railed at Ned Griffin when he accepted Mr. Gray’s offer, declaring,
in the hearing of everyone who would listen to him, that nobody but a
poltroon would take that way of keeping out of the service.

“And now I’ve got to come to it myself or get shot,” whined Tom. “It
will be an awful come down for a man who has held a commission in the
service of the State, but unless mother can see some other way out I
shall have to do it.”

Captain Tom wound up by wishing that every man who was in any way
responsible for the war might always feel as miserable as he felt at
that moment.

“Why, Tom, what has happened to make you look so pale and haggard?”
anxiously inquired Mrs. Randolph, as the perplexed and discouraged
captain of the Home Guards drew rein before the door and rolled out of
his saddle instead of dismounting in his usual soldier-like fashion.
“Are you ill, or have you heard some terrible news?”

“Both,” replied Tom, giving his horse a slap to start him toward the
stable, and afterward throwing himself down upon one of the steps that
led up to the porch. “Who do you suppose has come back to town to worry
and torment me?”

“I hope it isn’t Rodney Gray,” said his mother, who had not forgotten
that the Barrington boy had been elected to office and presented with a
sword by Bob Hubbard’s Rangers, while her son was left in the ranks.
Although she never said so out loud, she had indulged in the hope that
something might happen to keep Rodney away from Mooreville as long as
the war lasted. She knew that he had faced the Yankees in a good many
hard battles, and, being a veteran, of course he would crow over Tom,
who was nothing but a Home Guard.

“Well, it is Rodney Gray, and nobody else,” said Captain Randolph, in a
tone of intense disgust. “He looks as though he had been living on the
fat of the land, for the citizen’s clothes he discarded when he went
into the army are much too small for him. He has brought with him a
comrade who lives in Missouri and who, I judge, is waiting for a chance
to get over the river; and he’s about the most impudent chap I ever
talked to. He knows more about gunboats than I who have been in battle
with them.”

“Have you not learned that those who are the most conceited generally
know the least? But you are not obliged to associate with them, and
besides you can’t; for you are an officer and they were nothing but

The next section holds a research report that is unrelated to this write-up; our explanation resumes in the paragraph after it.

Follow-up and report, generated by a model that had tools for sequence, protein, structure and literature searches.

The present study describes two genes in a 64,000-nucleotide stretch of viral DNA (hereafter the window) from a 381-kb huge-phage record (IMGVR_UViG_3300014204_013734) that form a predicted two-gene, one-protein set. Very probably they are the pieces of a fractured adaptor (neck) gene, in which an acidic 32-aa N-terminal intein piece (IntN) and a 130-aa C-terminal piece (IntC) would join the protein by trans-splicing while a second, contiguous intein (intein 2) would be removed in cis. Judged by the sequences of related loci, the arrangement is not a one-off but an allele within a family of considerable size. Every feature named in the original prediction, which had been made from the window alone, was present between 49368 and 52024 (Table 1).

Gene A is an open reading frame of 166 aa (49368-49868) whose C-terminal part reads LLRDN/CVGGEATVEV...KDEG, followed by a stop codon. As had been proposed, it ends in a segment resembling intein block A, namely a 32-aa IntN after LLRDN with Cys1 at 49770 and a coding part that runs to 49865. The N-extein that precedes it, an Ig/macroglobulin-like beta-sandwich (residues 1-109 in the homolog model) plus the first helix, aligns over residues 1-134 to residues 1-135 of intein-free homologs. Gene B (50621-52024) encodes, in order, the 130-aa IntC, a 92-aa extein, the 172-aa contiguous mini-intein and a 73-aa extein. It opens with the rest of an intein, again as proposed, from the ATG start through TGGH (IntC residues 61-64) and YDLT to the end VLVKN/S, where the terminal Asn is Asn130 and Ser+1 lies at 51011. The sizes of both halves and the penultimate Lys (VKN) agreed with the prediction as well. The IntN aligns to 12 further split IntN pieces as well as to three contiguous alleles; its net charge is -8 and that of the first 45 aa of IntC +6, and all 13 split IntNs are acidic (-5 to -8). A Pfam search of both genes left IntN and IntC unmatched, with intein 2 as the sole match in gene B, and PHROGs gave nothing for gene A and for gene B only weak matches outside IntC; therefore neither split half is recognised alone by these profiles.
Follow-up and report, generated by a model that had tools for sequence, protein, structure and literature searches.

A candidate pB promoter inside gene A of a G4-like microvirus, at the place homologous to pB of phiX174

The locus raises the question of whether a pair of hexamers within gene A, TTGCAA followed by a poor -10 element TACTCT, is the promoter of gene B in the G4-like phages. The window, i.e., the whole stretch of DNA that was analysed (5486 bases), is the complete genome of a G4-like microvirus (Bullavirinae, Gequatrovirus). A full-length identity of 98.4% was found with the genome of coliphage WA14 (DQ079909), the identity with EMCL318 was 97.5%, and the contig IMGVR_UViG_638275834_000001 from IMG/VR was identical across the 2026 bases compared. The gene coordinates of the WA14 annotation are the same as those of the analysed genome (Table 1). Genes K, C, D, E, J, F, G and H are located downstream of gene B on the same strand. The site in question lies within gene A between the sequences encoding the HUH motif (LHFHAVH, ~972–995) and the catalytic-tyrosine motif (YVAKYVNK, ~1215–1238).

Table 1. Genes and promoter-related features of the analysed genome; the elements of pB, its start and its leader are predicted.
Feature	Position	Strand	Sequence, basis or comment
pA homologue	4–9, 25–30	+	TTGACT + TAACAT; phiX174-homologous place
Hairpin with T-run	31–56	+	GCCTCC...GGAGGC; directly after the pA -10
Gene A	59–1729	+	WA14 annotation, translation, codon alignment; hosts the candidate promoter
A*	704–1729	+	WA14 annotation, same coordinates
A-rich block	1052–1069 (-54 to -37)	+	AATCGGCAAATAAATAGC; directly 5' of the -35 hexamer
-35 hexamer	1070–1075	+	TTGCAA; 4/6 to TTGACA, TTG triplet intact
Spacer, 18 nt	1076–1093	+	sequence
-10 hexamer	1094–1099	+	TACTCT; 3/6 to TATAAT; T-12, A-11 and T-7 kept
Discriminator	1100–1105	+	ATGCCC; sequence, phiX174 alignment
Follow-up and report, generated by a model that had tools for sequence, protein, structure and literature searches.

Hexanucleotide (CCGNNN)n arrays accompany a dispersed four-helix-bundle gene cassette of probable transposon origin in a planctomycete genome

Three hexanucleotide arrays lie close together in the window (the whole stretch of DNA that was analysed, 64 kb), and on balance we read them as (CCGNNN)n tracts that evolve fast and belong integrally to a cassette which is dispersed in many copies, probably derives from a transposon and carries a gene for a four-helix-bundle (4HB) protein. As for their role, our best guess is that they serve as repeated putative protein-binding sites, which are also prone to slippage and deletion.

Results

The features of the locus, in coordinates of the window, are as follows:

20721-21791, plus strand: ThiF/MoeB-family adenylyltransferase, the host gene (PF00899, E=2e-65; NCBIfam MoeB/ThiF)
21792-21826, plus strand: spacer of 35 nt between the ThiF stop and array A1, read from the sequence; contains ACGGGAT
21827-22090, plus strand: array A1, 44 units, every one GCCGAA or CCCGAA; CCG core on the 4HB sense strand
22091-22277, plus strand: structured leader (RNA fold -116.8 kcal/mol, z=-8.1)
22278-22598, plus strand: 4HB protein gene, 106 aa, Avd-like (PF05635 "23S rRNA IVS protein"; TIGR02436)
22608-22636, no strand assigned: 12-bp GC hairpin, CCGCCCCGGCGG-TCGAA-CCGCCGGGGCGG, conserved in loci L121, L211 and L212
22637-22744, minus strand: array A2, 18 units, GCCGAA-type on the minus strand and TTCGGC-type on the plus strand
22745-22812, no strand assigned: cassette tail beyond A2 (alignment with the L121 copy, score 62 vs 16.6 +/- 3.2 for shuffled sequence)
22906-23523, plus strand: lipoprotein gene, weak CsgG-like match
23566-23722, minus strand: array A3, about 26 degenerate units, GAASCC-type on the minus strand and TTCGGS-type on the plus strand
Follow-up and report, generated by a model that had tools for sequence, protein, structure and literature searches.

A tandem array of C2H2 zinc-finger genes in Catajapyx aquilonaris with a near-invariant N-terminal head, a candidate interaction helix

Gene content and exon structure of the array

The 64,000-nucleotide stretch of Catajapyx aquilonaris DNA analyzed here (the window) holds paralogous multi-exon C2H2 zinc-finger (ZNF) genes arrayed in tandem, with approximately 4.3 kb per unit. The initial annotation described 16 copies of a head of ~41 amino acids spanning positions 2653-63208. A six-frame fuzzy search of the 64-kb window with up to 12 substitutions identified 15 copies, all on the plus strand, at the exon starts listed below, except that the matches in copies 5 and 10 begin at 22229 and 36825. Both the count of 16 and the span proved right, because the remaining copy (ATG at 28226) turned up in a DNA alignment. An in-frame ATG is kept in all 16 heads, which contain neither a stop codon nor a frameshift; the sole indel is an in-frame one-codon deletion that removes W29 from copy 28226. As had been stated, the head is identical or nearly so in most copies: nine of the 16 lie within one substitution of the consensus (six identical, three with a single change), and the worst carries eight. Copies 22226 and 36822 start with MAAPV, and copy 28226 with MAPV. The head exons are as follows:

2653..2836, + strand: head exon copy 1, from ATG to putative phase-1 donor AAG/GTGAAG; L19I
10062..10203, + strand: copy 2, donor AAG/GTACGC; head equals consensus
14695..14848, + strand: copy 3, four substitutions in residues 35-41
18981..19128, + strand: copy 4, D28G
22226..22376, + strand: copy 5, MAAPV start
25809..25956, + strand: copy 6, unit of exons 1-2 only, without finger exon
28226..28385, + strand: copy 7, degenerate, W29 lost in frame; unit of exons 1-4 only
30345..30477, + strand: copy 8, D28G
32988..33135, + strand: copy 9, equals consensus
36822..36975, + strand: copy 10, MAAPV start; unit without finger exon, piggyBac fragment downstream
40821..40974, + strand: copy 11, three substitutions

“I know that, and I did not at all like the familiar way in which they
talked to me. They gave me bad news. They were captured by Federal
cavalry while they were coming home.”

“Tom!” exclaimed Mrs. Randolph, who was much surprised and alarmed to
hear it, “do you mean to say that our enemies are scouting through the

“That’s what I mean; and if you have any valuables you don’t want to
lose, you had better be taking care of them.”

“That is what I think. How did Rodney manage to escape?”

“He didn’t escape. The Yankees read his discharge and let him go free.
And that chum of his, Dick Graham, says they were gentlemen, and if he
ever sees one of them in a scrape he will help him out if he can. And
they are both tired of the war and don’t mean to go back to the army.
The way they talked was shameful, and I will speak to Roach about it
the very next time I go to the office.”

Tom then went on to repeat the conversation that had taken place
between himself and the returned veterans, and by the time he got
through his mother was as deeply perplexed and as badly frightened as
he was. Two things were plain to her: Rodney and Dick were traitors at
heart, and ought to be arrested and imprisoned before they had time
to talk to any of the conscripts as they had talked to Tom, and the
other was that her son could not take a squad of men to the camp of
instruction and run the risk of being captured by the Federal troopers.

“Now that I have had time to think of it, I don’t care whether they are
shut up or not,” answered Captain Tom. “If they are permitted to run
loose in the settlement and to talk to the conscripts as they did to
me, they may frighten them into deserting to Baton Rouge; and in that
case, don’t you see, there wouldn’t be any men for anybody to guard to
the camp of instruction. But if a squad is sent there I am bound to go
in command of the escort; I don’t see how I can get out of it, for I
told Rodney that I was going.”

“What of that? Why can’t you send Lambert, or let Captain Roach go in
your place?”

“If you can think of any excuse I can offer for not going I shall be
delighted to hear it,” replied Tom. “But if I back out after what I
have said about Ned Griffin’s cowardice and all that, Rodney Gray will
never let me hear the last of it. I haven’t said much to you about it,
but all the returned soldiers laugh every time my name is mentioned
in their hearing, and make sport of the Home Guards because they are